Seanad debates

Thursday, 10 September 2020

An tOrd Gnó - Order of Business

 

10:30 am

Photo of Alice-Mary HigginsAlice-Mary Higgins (Independent)

Several important points have been raised. Unfortunately, the debate has become more serious and the points that have been made are ever more concerning. Yesterday, representatives of human rights organisations appeared before the Special Committee on Covid-19 Response. At the meeting, the head of the Irish Human Rights and Equality Commission made the point that emergency legislation should be the exception and not the rule. There is a real and significant concern that emergency legislation seems to be becoming much closer to the rule. There is concern regarding everything being declared to be emergency legislation in the absence of standards in respect of what constitutes emergency legislation. I will come to that matter when speaking to the Order of Business.

There is also a real concern that the Government decided, and the Cathaoirleach agreed, that the Seanad should be recalled to sit in special session rather than in normal session. We have heard that the rules governing special sessions have only been invoked three times in the past 13 years. It is a very serious issue if the Government is deciding to use useful new powers that curtail debate whenever it can. As matters have evolved or dissolved over the course of the morning, a much more worrying message has emerged, which is that Senators are being told we are lucky to ever get to speak about anything and may only do so at the discretion of the Cathaoirleach. In the normal course of events, it has not been for the Cathaoirleach of the day to determine the Order of Business in his or her kindness or benevolence. Rather, it is for the House to set the Order of Business. The Order of Business is proposed by the Government and it is discussed and agreed. It is the prerogative of Members to put forward other items on the Order of Business which they believe should be discussed. In the course of a normal Order of Business, Members have that prerogative, but I am afraid that is not what we have heard today. The Cathaoirleach has stated that the legislation should be the only subject of discussion, but the Order of Business is about the topics that Members wish to discuss and how the Order of Business today is to be used. For example, Senators may wish to call in a Minister to address urgent issues such as Brexit which may not relate to legislation but do relate to the business of the House.

We need to be clear that these rights are not gifts that are kindly given to us. Rather, they are part of having a functioning State which has a Parliament and a Government. Our system is not Government without Parliament or the Government kindly allowing Members of Parliament to make statements and get some local press releases and so on. It is a system of Government and Parliament. They are separate functions with separate rules and it is very worrying if those lines are blurred.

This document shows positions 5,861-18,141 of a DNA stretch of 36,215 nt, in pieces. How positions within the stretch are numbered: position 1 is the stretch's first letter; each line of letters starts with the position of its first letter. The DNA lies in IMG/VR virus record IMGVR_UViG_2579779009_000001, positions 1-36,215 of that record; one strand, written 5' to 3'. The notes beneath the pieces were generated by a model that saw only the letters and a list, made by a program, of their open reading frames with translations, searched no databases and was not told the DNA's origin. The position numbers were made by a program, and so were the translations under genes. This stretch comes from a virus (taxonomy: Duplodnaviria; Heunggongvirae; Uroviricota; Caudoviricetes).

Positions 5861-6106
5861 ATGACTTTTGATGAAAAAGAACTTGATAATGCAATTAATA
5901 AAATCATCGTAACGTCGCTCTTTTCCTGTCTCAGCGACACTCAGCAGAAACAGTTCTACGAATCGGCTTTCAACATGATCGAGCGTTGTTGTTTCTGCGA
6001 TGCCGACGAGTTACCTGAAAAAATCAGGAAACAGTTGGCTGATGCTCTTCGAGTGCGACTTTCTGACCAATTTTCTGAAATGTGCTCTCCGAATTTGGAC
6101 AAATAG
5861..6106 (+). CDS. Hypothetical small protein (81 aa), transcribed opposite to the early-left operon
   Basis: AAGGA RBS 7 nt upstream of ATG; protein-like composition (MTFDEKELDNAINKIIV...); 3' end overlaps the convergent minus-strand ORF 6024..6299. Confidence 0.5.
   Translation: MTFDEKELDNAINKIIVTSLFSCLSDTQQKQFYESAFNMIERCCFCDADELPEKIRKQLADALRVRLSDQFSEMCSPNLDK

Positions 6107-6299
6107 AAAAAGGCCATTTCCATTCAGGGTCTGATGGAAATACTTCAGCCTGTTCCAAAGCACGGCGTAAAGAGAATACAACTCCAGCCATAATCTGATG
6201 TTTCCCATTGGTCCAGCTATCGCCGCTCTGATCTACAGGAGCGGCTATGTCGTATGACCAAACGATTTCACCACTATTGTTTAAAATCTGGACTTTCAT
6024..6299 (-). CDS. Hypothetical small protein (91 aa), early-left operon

The Cathaoirleach made the point that Senators did not ask him to recall the House. Nonetheless, Senators who have returned very willingly to the House have the reasonable expectation that normal rules of parliamentary process will be in place. At 7 p.m. last night, Senators were reminded that this would be a special session.Special sessions are not normal practice. It is a concern that needs to be looked at with regard to their use. We look right now across the world, in Belarus there are concerns about democracy. There are issues around the postal system in the United States of America. There are very concerning issues for the Uighur people in China. Democracy and parliamentary process are precious. During the interval I wrote to the Minister for Foreign Affairs and Trade and he told me that international electoral observation has been suspended during Covid, for example. We really cannot be complacent, dismissive or clever about pulling strokes on how we move things around, or in how we get things done with more efficiency. I raised on the Order of Business today the question of taking all Stages of this legislation at once. It is not allowing us. When we talk about Standing Orders, let us go a level up and talk about the Constitution. My constitutional obligation, and that of everyone in the House, is to scrutinise legislation. I am being blocked from doing my job properly if I do not get to scrutinise legislation. I cannot scrutinise legislation properly in a way that gives the Government its opportunity to respond. The Government does not have to agree with me, it may think I have a valid point or it may not. That is the Government's prerogative and we each do our piece. Legislation should not be taken at all Stages at once. That cannot continue. With emergency powers, and with Ireland on the Security Council, we must hold ourselves to standards.

I second the amendment to the Order of Business put forward by Senator Bacik. I also propose a different amendment to the Order of Business. I am happy, whichever is successful. I am absolutely open, as I was open to any of the arrangements for this week. There is an idea that there are deals and that one should have written here or there. Of course we should try to work together but, crucially, the Government has the ultimate responsibility and prerogative for where we sit. My additional amendment is that perhaps we might instead take just the Report Stage, either tomorrow or on Monday.

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